Ever so often we look back on our decisions – good ones, bad ones, and those that fall undecidedly in between.

Whenever Christmas time draws near, I am reminded of a decision that my friend made about eight years ago in December.

On Christmas Eve, my friend Christina visited a Church for the first time.

While I would have liked to have been that friend who gave her a warm invitation to come to Church, I was actually the cowardly one who didn’t dare to ask her to come to church – even for Christmas.

Maybe I was worried she wouldn’t like it, that her INFJ personality couldn’t take it. What if Church was fun for just me? I’d visited a Church for the first time two years before she ever did. I had always wondered what Church was like, I’d returned after the first week, and then the next …

It was through an illustrated song presentation during Easter that I heard the Gospel for the first time and realised that there was a big possibility that God is real and He wanted to know me – and so I’d raised my hand in that service and welcomed Him into my heart.

At that time, I didn’t know what changes having Jesus Christ live in me would’ve brought into my life. I didn’t even know how long I was going to be a Christian for … but I tried anyway.

Perhaps I was hesitant to invite Christina – my classmate then – to Church because she knew all my bad habits: I slept in Chinese class, copied answers on my homework and skipped classes!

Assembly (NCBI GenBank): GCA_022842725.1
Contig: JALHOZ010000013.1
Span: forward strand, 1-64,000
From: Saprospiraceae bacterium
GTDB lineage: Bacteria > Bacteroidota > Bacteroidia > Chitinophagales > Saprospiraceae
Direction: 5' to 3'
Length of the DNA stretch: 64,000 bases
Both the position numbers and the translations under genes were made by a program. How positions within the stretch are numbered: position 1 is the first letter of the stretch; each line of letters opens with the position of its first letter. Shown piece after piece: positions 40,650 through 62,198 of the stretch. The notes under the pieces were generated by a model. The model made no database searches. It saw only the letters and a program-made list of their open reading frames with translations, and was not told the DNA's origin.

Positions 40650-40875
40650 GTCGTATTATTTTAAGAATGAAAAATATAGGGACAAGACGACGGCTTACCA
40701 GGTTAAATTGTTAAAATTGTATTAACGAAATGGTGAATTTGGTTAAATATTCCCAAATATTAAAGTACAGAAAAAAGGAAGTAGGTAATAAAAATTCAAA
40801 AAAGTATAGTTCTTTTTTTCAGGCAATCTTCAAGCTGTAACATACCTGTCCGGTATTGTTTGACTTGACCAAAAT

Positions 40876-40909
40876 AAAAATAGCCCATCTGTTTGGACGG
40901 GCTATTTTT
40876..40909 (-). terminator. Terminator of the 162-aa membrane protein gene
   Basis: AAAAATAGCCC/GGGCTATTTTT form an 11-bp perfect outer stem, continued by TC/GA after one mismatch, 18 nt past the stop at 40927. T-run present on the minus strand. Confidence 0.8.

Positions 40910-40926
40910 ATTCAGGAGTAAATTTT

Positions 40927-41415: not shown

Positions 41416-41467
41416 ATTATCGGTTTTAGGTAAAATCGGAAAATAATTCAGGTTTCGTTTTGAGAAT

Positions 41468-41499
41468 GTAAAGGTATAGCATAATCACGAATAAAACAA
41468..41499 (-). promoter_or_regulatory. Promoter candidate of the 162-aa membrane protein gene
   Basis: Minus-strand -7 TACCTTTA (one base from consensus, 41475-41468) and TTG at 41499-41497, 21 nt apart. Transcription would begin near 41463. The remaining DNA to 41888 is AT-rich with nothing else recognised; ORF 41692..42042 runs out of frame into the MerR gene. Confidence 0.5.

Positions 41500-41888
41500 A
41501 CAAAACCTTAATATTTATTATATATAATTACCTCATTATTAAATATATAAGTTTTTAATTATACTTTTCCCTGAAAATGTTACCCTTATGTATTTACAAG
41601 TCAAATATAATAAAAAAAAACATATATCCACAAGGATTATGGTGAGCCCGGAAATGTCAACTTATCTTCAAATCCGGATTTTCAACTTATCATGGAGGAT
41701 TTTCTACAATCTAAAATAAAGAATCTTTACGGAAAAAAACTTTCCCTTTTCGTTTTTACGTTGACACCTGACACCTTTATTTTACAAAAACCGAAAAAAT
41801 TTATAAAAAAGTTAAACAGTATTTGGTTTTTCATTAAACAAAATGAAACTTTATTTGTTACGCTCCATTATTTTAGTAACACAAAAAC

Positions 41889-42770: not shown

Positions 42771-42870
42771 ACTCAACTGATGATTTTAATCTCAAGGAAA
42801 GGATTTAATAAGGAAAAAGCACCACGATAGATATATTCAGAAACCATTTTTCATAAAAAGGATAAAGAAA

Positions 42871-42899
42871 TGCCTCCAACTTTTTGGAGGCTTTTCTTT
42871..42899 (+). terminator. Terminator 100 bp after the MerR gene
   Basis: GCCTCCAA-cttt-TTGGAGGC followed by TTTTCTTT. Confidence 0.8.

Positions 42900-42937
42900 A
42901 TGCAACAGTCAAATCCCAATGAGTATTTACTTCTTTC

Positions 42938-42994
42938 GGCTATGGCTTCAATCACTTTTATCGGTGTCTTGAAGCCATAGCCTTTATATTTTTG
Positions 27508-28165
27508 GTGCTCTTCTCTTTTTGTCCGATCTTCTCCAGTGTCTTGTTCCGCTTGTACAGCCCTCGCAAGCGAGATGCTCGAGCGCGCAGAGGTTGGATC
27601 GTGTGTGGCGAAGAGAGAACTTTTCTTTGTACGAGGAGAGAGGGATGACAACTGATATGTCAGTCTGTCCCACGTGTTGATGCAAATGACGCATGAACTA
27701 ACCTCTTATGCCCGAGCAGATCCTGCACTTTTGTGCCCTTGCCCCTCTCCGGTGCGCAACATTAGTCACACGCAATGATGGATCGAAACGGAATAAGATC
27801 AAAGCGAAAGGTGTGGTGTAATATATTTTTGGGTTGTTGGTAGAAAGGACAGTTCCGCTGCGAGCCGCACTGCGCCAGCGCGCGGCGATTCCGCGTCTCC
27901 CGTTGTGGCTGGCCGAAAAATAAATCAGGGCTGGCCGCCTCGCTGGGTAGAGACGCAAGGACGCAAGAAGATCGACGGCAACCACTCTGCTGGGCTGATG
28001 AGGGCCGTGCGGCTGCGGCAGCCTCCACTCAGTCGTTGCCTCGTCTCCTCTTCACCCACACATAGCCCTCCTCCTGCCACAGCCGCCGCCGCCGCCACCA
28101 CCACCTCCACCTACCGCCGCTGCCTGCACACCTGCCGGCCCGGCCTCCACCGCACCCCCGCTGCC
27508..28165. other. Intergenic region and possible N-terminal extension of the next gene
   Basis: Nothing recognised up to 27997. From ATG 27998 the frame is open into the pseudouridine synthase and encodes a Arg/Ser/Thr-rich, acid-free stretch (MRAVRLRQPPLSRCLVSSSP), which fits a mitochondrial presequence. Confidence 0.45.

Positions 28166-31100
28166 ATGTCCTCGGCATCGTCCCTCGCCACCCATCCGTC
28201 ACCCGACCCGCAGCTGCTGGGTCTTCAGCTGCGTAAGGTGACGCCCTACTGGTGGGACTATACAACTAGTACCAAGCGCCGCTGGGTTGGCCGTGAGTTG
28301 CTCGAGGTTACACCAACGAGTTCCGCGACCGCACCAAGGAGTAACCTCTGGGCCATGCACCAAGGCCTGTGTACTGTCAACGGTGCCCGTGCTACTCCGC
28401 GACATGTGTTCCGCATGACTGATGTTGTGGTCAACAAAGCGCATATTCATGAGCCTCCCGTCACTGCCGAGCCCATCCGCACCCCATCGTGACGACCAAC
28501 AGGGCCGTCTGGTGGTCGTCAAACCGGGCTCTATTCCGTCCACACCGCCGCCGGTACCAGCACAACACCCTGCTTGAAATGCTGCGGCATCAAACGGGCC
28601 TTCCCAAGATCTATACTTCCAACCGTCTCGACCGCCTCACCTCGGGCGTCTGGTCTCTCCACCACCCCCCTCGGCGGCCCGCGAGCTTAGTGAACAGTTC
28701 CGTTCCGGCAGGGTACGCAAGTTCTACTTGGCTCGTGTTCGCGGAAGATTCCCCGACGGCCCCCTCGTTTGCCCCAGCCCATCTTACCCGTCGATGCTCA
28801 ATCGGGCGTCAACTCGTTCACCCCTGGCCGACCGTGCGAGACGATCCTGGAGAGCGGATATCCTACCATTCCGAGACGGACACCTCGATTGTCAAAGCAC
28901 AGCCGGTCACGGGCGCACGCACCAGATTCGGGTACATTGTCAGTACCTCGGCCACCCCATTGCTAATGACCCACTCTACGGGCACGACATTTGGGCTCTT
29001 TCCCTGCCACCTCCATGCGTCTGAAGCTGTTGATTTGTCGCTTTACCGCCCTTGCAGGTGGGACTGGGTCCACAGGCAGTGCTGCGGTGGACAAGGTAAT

I wasn’t the best student around, and I certainly wasn’t a good Christian. So I didn’t see why she would want to go to Church with me. She seemed to be doing just fine.

“What do you mean I didn’t invite you?”
“I thought we were just going to the mall.”
“Oh …”

After all these years, I had forgotten that I never really invited Christina to Church that Christmas. I had merely asked her if she would like to go to the mall the next day – which happened to be Christmas Eve.

But I remember those moments I had in class when I was wracking my brains on how to ask her to come to Church with me – and all the while she was sitting just beside me!

Yet, my guilt would drown out what little faith I had: “Aiyah, you like that, still dare to ask people to go to Church?”

My doubts were louder, and they were winning the internal battle, but urgency finally broke through when it dawned on me that Christina and I weren’t going to be classmates anymore after the year ended. I might not – might never – get another chance to bring her to Church.

It’s funny to think about now, but when the question finally escaped my lips, I found myself casually asking her to the mall instead – Suntec City, to be exact – where my Church was having our Christmas services that year. I just couldn’t say the word “Church”, as if it was taboo.

Yeah, that was me. Time was running out but I was still cowardly.

Before I tell you what happened next with Christina, there’s something I must share: As a new Christian, one of the first few things I learnt how to do was pray.

“Prayer is just talking to God, like you’re talking to a friend.”